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Vintage Telephony and Telecomms Vintage Telephones, Telephony and Telecomms Equipment

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Old 20th Oct 2012, 5:13 pm   #1
Ghostuser
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Join Date: Oct 2003
Location: Cheltenham, Gloucestershire, UK.
Posts: 133
Default Peel-Conner Candlestick Phone

I thought I was buying a GPO150, but what I have says 'Manufactured by Peel-Conner Telephone Works Coventry England' on the sleeve at the top of the stick. It came with a Bell box marked on the back G.P.O. E30/P34 No 1A. Unsurprisingly, as such, there is no ASTIC or Condenser in the box. It has a No10 dial. The phone had allegedly been adapted to work on a modern line, but was not functioning. It had clearly been gathering rust and dust for some time, but it did have a modern jack fitted and wires added everywhere.

There are several peculiarities. The hook switch is single contact, though the rest of the guts look identical to a 150. The receiver has a single round coil, rather than the expected two oval coils and is not magnetic (the diaphragm just falls out). The dial only has connections to the three screws on the right, when they are viewed at the top of the mechanism. The two left screws were unused.

I found a circuit diagram for a Peel-Conner desk phone which only had two wires from Phone to bell box, and had the single hook switch contact. It simply put the DC from the lines across the microphone and receiver in series. This would presumably have energised the receiver. Do I stand a chance of getting it working properly?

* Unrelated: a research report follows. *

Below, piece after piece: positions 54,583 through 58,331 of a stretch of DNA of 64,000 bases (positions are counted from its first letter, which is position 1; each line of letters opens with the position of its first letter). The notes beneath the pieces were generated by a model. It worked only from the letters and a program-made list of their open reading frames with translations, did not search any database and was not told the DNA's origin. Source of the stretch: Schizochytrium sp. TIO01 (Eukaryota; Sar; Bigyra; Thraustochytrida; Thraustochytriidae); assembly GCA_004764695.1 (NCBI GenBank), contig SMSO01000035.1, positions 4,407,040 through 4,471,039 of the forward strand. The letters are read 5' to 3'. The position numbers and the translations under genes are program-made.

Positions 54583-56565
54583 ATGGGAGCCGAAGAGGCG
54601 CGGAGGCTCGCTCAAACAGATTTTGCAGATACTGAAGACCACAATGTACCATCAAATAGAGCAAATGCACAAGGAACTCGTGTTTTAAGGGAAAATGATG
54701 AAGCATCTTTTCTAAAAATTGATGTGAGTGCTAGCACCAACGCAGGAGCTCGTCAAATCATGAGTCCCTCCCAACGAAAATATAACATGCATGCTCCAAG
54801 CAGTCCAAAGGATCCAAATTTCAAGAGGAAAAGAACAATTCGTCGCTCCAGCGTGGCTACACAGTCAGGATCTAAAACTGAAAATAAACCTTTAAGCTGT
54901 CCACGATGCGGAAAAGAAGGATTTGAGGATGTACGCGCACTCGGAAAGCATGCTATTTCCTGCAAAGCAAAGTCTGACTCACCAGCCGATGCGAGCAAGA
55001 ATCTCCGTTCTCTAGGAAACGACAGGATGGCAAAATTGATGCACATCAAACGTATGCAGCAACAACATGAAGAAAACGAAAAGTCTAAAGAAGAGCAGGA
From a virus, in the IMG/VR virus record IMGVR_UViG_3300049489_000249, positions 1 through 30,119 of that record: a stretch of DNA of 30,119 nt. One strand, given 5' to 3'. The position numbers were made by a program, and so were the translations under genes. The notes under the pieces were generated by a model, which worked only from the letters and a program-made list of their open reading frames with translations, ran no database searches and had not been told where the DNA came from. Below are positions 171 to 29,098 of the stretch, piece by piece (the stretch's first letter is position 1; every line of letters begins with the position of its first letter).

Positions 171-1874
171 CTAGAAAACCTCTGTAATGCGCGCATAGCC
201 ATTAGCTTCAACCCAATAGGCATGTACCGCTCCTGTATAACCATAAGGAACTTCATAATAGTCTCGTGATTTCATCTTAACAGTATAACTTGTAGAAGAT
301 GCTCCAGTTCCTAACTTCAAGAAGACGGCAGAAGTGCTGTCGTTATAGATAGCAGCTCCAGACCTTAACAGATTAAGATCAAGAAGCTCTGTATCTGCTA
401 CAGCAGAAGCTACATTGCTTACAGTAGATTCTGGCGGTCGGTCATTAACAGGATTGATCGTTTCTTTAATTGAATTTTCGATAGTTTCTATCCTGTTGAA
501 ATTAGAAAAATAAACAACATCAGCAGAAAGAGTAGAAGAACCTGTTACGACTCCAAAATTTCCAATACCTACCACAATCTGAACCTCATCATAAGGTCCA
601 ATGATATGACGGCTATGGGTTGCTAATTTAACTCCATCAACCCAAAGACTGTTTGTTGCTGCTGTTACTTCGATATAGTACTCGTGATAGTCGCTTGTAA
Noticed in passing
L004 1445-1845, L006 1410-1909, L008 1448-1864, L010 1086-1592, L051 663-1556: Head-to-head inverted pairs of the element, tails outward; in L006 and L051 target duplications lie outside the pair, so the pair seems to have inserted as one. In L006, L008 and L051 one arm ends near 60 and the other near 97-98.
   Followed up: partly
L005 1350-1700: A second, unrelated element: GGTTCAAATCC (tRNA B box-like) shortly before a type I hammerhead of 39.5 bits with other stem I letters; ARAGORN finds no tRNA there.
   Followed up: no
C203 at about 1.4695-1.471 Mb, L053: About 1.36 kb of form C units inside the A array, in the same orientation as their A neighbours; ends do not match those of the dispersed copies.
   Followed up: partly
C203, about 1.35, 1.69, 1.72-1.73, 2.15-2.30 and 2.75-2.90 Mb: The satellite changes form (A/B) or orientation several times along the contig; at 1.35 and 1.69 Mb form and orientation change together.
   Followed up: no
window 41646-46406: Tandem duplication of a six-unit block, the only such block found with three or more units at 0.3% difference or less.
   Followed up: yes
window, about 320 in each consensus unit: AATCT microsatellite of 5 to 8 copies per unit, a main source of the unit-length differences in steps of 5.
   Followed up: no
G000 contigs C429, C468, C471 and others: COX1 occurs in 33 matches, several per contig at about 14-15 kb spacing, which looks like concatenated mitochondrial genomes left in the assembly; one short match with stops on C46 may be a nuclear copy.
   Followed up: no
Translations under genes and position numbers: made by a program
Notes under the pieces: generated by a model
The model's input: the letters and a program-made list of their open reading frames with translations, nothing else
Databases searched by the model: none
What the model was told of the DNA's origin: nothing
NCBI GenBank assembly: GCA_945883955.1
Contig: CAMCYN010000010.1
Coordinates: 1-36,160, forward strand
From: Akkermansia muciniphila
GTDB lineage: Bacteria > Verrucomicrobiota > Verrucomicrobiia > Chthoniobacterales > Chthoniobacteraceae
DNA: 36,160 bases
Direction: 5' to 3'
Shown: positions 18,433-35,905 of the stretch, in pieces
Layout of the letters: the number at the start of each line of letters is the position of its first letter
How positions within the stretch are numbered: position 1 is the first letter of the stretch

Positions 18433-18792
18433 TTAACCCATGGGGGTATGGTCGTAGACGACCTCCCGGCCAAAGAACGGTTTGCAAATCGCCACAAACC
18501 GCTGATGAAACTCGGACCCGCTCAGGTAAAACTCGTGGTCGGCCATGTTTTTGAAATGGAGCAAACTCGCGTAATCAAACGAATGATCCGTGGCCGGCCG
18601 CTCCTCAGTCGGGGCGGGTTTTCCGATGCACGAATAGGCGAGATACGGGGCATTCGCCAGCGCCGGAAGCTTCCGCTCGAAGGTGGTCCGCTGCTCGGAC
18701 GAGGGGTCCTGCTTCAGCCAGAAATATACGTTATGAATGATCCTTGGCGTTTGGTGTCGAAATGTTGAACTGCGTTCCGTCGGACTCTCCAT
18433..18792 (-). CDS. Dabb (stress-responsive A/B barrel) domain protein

Nigel
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Old 29th Oct 2012, 8:06 pm   #2
Ghostuser
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Location: Cheltenham, Gloucestershire, UK.
Posts: 133
Default Re: Peel-Conner Candlestick Phone

It turns out that the receiver is a Peel-Conner Electromagnetic Receiver Code C103. This was indeed energised from the DC across the phone lines. I have checked the receiver and it works. I propose to add a second contact to the hook switch. The phone came with a bell 1A and I propose to add an ASTIC. The works will then be as for a 150 with bellset 1. The remaining uncertainty is with the microphone, which is a beautiful piece of 1920s engineering. Rather than scrap it, I will see if it can be overhauled as it is eminently dismantleable. All in all, quite a challenge.

Nigel
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